Jordan – Mt Nebo, Madaba, Karak, Shobak. Day three.

Day three is our road trip from Amman to Petra via the 5,000 year old King’s Highway.  The main advantage of having a driver is we can make stops along the way and there are plenty to make along the King’s Highway!

Our driver today was Nadar and he took us to all of these great places whilst we travelled down the country towards Petra.

Mount Nebo.  According to the book of Deuteronomy, this is where Moses looked out across the Promised Land before he died.  Jewish and Christian traditions believe Moses was buried on the mountain by God.  There is a monastery, a small museum and a viewing area in which you can look across the Promised Land too.  I kind of expected this to be a place of serenity but there was building works on the monastery so we looked across the hazy view to the sound of diggers and hammering.

Madaba.  A short drive from Mount Nebo brings us to Madaba.  If you have longer, there are several things you can do in Madaba, and sometimes it’s a chosen place to stay rather than Amman.  For us, we were just visiting St George’s Orthodox Church.  St George’s was built on top of the ruins of a 6th century Byzantine Church.  When they were building the church in 1896 a mosaic map of Jerusalem and the Holy Land was discovered on the floor of the ruins.  Only about a quarter of the map is preserved today but it is well worth visiting.  Buy tickets from the small shop next to the entrance of the church and familiarise yourself with a map of the mosaic before entering.


Karak.  Our first crusader castle!  Excited!  Well Dad was especially.  Karak is the most well preserved crusader castle in Jordan.  Whilst I had read that the castle was contained within the old city walls, all of the tourism photos seem to show Karak on top of a hill standing alone.  We drove through the narrow streets of the town and the castle certainly dominates the town, the tourist photos are obviously cleverly taken from an angle we couldn’t reach.  There are many tunnels to explore in the castle and Dad and I set upon exploring room to room with our head torches at the ready.  A Jordanian man kindly passed us when we were in one of the tunnels and showed us some markings on the wall in the once prison.  He indicated that we follow him and there we were – with a guide that we couldn’t seem to say no too and didn’t have as many coins to pay him as he had expected at the end.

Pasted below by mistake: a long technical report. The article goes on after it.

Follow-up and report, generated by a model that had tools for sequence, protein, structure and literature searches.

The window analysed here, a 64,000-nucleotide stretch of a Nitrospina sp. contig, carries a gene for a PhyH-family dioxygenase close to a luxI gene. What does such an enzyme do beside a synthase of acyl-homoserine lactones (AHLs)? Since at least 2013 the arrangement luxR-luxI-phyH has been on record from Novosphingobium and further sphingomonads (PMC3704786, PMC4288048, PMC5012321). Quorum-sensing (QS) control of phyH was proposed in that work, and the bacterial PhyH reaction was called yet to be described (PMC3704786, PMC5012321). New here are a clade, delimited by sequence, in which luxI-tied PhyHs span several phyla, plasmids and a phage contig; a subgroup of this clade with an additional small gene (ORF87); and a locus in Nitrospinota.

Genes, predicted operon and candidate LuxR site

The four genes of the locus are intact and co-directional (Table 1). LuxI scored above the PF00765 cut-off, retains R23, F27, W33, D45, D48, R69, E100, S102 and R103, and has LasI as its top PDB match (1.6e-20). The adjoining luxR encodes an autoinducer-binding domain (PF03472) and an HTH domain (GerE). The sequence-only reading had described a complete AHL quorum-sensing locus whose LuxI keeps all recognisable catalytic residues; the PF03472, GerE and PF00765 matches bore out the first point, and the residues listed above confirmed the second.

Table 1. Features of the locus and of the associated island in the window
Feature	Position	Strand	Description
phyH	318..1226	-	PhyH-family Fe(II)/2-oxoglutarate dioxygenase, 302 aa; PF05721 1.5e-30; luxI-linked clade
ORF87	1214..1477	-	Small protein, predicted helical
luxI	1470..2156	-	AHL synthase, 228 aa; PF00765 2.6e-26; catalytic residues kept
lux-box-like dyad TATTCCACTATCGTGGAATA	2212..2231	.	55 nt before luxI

Read here for some more of the juicy historical facts.  All I could think about when we were wandering around was the story Dad told me of crazy Reynald of Chatillon who ruled the castle around 1170. He was a barbaric character and one of his favourite pastimes was to throw prisoners from the castle walls onto the rocks below *shudders*.  In 1177, Saladin – the Sultan of Egypt and Syria, launched an attack on the crusader kingdom and defeated Reynald.  Saladin spared the lives of quite a lot of the crusader force however he did make sure that he beheaded Reynald himself.  What goes around, comes around!

We stopped for another buffet lunch just outside the walls of the castle.  I still haven’t recovered from all of these buffet meals!  They were delicious mind you!

Shobak.  A few hours drive and Nadar woke us to ask if we wanted to visit Shobak Castle.  I had originally asked to visit there but I was a little unsure to where it was in relation to the King’s Highway.  Turns out it was only a short drive and there in front of you is Shobak Castle, perched on top of a hill, all by itself.  The sun was starting to go down and we drove round the mountain to reach to top.  The big wooden doors to the castle were closed and Nadar spoke to the caretaker who was outside the doors.  Apparently for a small fee he would open the door and allow us to visit.  He even played us a little tune on his make shift instrument as we left.  I should think so too as when we checked the details in the book when we left – it was supposed to be free and not close till 5pm AND there were already people around the castle exploring, so it wasn’t exactly closed, closed!  Ah well.  There were splendid views across the desert and the light was spectacular on the remains of the 12th century castle.

Wadi Musa.  Onwards with our journey and we finally arrived in Wadi Musa around 6pm.  I had done a lot of research on hotels in Wadi Musa and chose the “Petra Moon Hotel” simply due to it’s proximity to the visitors centre for Petra – about 100 metres, and it was cheaper than the Movenpick which was in front of it.  I had no idea what to expect but boy was I happy with the location!  Wadi Musa, which is the closest town to Petra is mainly on a hill.  A lot of the hotels run a shuttle service to and from the hotels and the visitor centre and there are plenty of taxi’s on hand but I was grateful to be so close to the entrance.  There were also surprisingly a row of restaurants and small shops lined up next to the Movenpick.  I cannot recommend enough the Red Cave Restaurant.  The restaurant offers a varied menu of Bedouin food and has a great selection suitable for vegetarians!  The staff were attentive, gracious and remembered us when we went back for a second night.   They have a great display of pictures of ‘famous’ people around the restaurant which Dad and I spent probably more time than we should of trying to identify who they were.  Hours of enjoyment haha.

After a quick shop in one of the small supermarkets for picnic food for our day in Petra, we headed back to the hotel for an early night.  That’s if we could sleep due to our excitement for the next day!

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